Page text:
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Toyota faced pressure from U.S. officials before announcing recall

By Peter Whoriskey
Washington Post Staff Writer
Thursday, January 28, 2010; A19

Toyota's decision on Tuesday to suspend the production and sale of eight models follows months of wrangling with federal safety officials, and stark disagreements with them over what was causing unintended accelerations.

As recently as November, the company claimed that the acceleration problem was caused by faulty floor mats, a diagnosis that made for a simple solution: take them out.

The issue "has been repeatedly and thoroughly investigated" by federal regulators at the National Highway Transportation Safety Administration, Bob Daly, a Toyota senior vice president assured customers at the time.

But two days later, the agency issued an unusual statement seeking to correct "inaccurate and misleading information put out by Toyota." Removing floor mats doesn't fix the underlying vehicle defect, it said, adding that it is related to the accelerator and floor pan design.

This back-and-forth, followed by new accidents and then this week's admission that indeed some Toyota models have defective accelerator pedals, amounts to a debacle for a company that became one of the largest automakers by burnishing its reputation for safety and reliability.

On Wednesday, customers deluged dealerships with questions, some rental companies announced that they were dumping all Toyotas and competitors advertised that they would seek to scoop up their rival's newly disaffected customers.

General Motors announced that its dealers will offer purchase incentives specifically to Toyota customers. It will offer $1,000 to Toyota owners toward a down payment on a GM vehicle and up to $1,000 to help to pay off current leases early.

"We decided to make this offer after receiving many e-mails and calls from our dealers, who have been approached by Toyota customers asking for help," a GM spokesman said.

Avis Budget Group said Wednesday that it is removing about 20,000 Toyotas from its rental fleets. Enterprise Holdings also said it is removing all Toyota and Pontiac Vibe vehicles, which are part of the recall, from its Alamo, Enterprise and National car rental chains.

The wave of negative publicity that is engulfing the company is at least partly caused by the carmaker's reluctance to own up to the allegations customers had made, industry observers said.

"First, they blamed the messenger -- the drivers, then they blamed the media for blowing it out of proportion, and then they weren't very forthcoming," said Michelle Krebs, an auto analyst at Edmunds.com. "They keep digging and digging and finding more problems. The question is: Have they found them all yet?"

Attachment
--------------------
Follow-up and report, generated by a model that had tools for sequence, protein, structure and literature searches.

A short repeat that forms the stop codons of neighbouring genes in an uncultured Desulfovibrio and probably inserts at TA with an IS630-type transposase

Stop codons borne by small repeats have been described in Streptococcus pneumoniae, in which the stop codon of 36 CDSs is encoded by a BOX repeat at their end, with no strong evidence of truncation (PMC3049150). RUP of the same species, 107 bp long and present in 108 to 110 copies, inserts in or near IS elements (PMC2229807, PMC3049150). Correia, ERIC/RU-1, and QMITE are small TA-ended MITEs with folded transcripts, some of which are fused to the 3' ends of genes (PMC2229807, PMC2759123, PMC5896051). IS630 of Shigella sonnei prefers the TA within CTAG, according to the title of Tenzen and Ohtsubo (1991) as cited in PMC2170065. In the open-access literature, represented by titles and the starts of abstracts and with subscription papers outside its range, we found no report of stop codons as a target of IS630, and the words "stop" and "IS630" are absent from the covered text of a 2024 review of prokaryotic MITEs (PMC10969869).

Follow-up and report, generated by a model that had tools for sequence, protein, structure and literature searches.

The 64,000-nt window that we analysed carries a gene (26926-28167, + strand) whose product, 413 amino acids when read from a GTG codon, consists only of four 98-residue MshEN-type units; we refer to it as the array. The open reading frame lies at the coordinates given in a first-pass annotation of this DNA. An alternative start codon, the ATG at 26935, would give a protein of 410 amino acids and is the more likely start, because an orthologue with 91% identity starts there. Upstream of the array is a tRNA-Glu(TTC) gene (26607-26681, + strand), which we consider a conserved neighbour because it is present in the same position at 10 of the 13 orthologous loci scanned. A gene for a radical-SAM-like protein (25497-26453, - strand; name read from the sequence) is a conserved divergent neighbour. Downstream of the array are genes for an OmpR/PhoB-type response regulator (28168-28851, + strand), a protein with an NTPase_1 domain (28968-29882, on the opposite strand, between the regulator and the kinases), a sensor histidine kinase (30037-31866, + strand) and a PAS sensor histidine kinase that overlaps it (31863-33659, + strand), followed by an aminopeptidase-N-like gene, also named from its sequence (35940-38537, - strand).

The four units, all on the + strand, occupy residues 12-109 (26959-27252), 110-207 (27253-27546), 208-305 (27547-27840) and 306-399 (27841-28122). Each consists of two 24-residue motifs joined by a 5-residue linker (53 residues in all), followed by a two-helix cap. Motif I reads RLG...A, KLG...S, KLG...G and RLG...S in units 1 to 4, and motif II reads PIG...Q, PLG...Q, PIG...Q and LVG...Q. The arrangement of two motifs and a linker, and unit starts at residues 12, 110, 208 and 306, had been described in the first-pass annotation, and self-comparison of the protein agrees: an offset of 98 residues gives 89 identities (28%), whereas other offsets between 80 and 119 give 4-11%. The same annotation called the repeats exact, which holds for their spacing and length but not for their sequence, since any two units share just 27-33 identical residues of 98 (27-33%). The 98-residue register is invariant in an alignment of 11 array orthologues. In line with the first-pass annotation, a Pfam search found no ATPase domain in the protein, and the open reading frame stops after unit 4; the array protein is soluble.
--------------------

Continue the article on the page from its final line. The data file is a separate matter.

For instance, the company had issued a safety advisory in September warning customers of the potential floor-mat problem, but it insisted in a letter to federal officials that it had not determined that the problem was actually a "safety-related defect."

Similarly, while the company said its decision to conduct another recall was voluntary, the announcement came after the safety agency informed Toyota of its intention to open an investigation, sources familiar with the matter said. The agency urged the company to "act quickly," one of the sources said, and it did so. The sources spoke on the condition of anonymity because the safety discussions were private.

"NHTSA informed Toyota of their obligations and they complied with the law," David Strickland, administrator of the National Highway Traffic Safety Administration said via e-mail. "Their decision to halt sales was legally and morally the right thing to do."

On Wednesday night, Toyota announced that it would reopen the floor-mat recall to add 1.1 million vehicles, bringing the total affected to 5.3 million.

"In rare instances, there is a possibility that certain accelerator pedal mechanisms may mechanically stick in a partially depressed position," the company said. "The condition is rare and does not occur suddenly."

The agency is advising Toyota customers that "if your vehicle is acting strangely, drive it to the nearest safe location, turn-off the engine and contact a Toyota dealer for assistance."

Exactly how Toyota could have found itself at the center of a storm over quality is a matter of debate, but some analysts attributed the company's difficulties to its desire to grow so quickly. Toyota has vied with General Motors to become the world's largest.

"When you are growing that fast, it is difficult to find enough talent to manage quality and standards," said Oliver Hazimeh, an auto industry consultant at PRTM in Michigan. "Toyota outpaced itself, and that's the root of the problem they're having now."

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